In announcing as he did today in Canyon County that he will run for the U.S. House, state Representative Ken Roberts has to be hoping he’ll be the next Ron Crane.
Crane, the state treasurer, was an earlier Republican prospect for the first district congressional seat now improbably held by Democrat Walt Minnick. But he was also more than that; he was the Republican strategic approach to a difficult problem.
The problem is that, to consider the district’s core leanings, it should be about as close as any in the country to a Republican slam dunk, except that it isn’t. Depending on how you count, Democrats hold around four to seven of the 50 or so state legislative seats here – a useful indicator; the courthouses reflect margins not far from that. It was a very strong McCain district last year. It was lost to Republicans last time in large part because of the weak candidacy of incumbent Bill Sali.
And yet, the Idaho Republicans we’ve talked with aren’t exactly overwhelmed with confidence about winning it back: Possible, they argue, but not easy. Credit that in largest part to Minnick, who’s made no self-destructive moves (and quite a few that work neatly strategically) while in office, routinely is described as conservative even by Republicans (!) and has managed to develop a strong and highly visible cooperative relationship with the three Republicans in the delegation. Those three Republicans will ultimately line up behind the Republican nominee, of course, but they may be restrained in how hard they go after the guy who has been working with them so closely.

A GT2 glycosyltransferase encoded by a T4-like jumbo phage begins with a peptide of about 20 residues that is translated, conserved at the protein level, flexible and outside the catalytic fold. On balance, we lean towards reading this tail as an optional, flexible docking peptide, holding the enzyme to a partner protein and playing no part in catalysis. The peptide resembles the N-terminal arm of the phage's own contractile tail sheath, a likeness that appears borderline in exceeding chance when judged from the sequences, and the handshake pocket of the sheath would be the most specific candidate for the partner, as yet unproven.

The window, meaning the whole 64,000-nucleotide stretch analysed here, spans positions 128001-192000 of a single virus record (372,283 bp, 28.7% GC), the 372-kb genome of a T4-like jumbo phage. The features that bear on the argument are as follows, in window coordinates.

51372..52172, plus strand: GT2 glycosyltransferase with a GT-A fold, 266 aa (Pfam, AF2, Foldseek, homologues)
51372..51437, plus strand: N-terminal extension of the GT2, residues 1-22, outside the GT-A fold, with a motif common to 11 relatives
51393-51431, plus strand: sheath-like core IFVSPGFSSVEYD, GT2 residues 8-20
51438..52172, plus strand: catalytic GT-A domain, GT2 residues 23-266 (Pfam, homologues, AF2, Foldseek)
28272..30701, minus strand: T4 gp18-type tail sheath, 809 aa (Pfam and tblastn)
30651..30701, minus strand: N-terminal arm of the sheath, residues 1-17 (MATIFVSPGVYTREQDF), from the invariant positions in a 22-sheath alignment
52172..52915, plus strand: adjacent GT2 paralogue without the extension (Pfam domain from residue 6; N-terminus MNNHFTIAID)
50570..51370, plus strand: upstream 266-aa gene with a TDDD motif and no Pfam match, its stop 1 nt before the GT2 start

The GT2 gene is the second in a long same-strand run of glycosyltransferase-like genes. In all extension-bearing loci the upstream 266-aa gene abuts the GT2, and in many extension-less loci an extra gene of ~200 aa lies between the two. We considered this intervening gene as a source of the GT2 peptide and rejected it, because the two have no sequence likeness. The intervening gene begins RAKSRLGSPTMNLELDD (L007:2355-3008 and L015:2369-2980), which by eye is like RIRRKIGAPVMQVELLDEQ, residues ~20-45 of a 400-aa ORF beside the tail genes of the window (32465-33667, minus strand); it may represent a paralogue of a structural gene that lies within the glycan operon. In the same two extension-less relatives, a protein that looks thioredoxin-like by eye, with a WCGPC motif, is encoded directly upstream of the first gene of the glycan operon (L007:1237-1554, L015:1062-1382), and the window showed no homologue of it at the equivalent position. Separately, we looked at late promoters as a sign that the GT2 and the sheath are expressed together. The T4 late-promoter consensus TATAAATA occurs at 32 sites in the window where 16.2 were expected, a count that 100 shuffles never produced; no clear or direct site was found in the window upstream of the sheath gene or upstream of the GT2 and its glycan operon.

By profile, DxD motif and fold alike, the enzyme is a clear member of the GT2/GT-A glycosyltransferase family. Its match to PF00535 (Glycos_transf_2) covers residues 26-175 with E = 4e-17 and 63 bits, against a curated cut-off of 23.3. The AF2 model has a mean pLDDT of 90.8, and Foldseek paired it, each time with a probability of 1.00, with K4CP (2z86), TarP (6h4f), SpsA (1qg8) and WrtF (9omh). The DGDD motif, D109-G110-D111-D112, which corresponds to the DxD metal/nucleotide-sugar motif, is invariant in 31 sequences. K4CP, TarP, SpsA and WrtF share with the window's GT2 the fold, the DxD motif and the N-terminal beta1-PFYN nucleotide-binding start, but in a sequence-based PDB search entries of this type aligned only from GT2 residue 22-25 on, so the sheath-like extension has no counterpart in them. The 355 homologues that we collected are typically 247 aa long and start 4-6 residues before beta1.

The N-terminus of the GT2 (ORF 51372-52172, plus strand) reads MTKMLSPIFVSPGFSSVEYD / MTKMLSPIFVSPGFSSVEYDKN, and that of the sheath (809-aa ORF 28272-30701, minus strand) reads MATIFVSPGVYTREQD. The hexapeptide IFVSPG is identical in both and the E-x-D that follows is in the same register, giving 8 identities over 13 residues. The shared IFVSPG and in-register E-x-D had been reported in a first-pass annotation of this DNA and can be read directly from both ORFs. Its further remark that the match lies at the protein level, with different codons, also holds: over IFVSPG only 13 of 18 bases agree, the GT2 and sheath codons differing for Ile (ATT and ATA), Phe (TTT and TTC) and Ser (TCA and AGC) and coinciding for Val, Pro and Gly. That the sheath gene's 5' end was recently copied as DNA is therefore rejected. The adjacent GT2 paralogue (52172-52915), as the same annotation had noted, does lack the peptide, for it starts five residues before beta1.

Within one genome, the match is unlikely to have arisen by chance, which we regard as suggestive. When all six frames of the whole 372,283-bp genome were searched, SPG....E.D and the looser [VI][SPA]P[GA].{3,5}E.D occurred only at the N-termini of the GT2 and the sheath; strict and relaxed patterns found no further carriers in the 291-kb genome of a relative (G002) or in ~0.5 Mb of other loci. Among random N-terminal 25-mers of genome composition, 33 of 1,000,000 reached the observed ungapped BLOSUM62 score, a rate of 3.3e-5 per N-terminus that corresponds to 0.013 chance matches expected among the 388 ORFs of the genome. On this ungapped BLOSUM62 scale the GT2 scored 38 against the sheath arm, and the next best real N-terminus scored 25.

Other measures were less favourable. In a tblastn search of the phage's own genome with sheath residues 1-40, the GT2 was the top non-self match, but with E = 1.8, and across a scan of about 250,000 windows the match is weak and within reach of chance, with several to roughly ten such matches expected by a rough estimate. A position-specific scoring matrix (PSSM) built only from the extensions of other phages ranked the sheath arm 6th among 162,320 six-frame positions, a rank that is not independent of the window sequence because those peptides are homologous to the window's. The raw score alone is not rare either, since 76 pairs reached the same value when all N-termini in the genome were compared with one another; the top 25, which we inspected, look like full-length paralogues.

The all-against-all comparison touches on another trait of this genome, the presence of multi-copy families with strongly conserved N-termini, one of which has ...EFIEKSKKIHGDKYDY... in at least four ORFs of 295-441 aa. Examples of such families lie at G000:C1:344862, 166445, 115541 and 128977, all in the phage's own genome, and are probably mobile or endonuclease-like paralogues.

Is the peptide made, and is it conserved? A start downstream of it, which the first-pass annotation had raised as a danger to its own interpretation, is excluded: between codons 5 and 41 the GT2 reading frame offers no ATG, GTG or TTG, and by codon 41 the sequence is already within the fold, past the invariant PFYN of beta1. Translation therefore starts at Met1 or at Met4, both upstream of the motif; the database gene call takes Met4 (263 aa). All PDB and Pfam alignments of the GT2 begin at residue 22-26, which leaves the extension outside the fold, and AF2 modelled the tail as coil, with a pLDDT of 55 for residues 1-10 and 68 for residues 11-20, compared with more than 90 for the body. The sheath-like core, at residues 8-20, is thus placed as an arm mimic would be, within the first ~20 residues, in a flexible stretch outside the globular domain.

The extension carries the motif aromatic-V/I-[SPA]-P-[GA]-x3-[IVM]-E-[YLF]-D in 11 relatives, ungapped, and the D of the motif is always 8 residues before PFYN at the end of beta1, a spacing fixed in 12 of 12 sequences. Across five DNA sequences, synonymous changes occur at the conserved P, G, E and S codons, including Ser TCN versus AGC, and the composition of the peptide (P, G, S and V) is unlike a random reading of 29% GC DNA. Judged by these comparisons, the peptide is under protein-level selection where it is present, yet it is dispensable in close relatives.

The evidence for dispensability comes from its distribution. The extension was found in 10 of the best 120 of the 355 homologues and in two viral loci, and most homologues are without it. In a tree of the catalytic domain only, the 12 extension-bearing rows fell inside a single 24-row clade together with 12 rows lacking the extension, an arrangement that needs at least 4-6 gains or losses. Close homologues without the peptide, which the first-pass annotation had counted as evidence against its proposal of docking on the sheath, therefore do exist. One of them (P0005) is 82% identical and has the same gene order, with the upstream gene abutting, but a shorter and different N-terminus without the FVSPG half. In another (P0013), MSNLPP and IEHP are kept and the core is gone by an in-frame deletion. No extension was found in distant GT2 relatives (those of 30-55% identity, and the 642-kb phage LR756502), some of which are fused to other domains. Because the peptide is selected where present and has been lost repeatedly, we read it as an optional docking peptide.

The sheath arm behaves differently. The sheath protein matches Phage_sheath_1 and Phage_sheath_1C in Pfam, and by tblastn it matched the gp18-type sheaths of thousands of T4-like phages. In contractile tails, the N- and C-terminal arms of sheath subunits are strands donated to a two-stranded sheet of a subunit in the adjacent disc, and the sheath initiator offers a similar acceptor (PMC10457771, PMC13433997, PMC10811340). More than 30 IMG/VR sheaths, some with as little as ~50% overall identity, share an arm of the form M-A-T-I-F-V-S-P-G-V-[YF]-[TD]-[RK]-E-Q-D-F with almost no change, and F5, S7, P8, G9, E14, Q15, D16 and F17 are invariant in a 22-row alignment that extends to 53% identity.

On the Republican side, there’s also this: For all the many Republicans in the first district, nailing down the logical candidate to run against Minnick isn’t easy: There’s no self-evidently obvious heir. That in itself creates a problem, which you might call the 2006 Problem: A potential primary with a bunch of candidates, each getting a sliver of the vote, with the possibility one of the weaker contenders winning.
Crane was supposed to be the solution to all that. A statewide elected official, well-liked in Republican circles, source of hardly any negative headlines over his years (at least, his years as treasurer) and linked to all of the key constituencies without coming across as as an extreme member of any of them – Crane seemed to hit the sweet spot.
And he seemed interested, and apparently had the whole upper-end Republican hierarchy ready to sign on for him the way they did last round for Jim Risch for the U.S Senate. Until Crane pulled the plug – he seems to like being treasurer, and the office is up for election next year and he’d have to give it up – and the establishment plan went to pieces. And hasn’t been replaced by anything else since.
One candidate is already in the field: Vaughn Ward, a Marine and former staffer for Senator Dirk Kempthorne, who (because of being little-known) seemed at first a splinter candidate, but has begun to pick up support around the Republican organization, and a decent treasury as well. He’s not exactly the establishment’s great hope, though. Ward has never run for office before, and taking out Minnick will be a tough task even for an experienced hand. And the experienced hands haven’t been clamoring for the opportunity. Two such – Sali and 2006 House candidate Robert Vasquez – might still enter, but they would hardly be establishment picks, either.
Roberts, the state House majority caucus chair, is the closest to such an experienced hand to emerge so far. Only but so close, though, which will lead the state Republican establishment to consider with some care: Is this the guy who can clear the rest of the Republican field and take out Minnick? Continue Reading »
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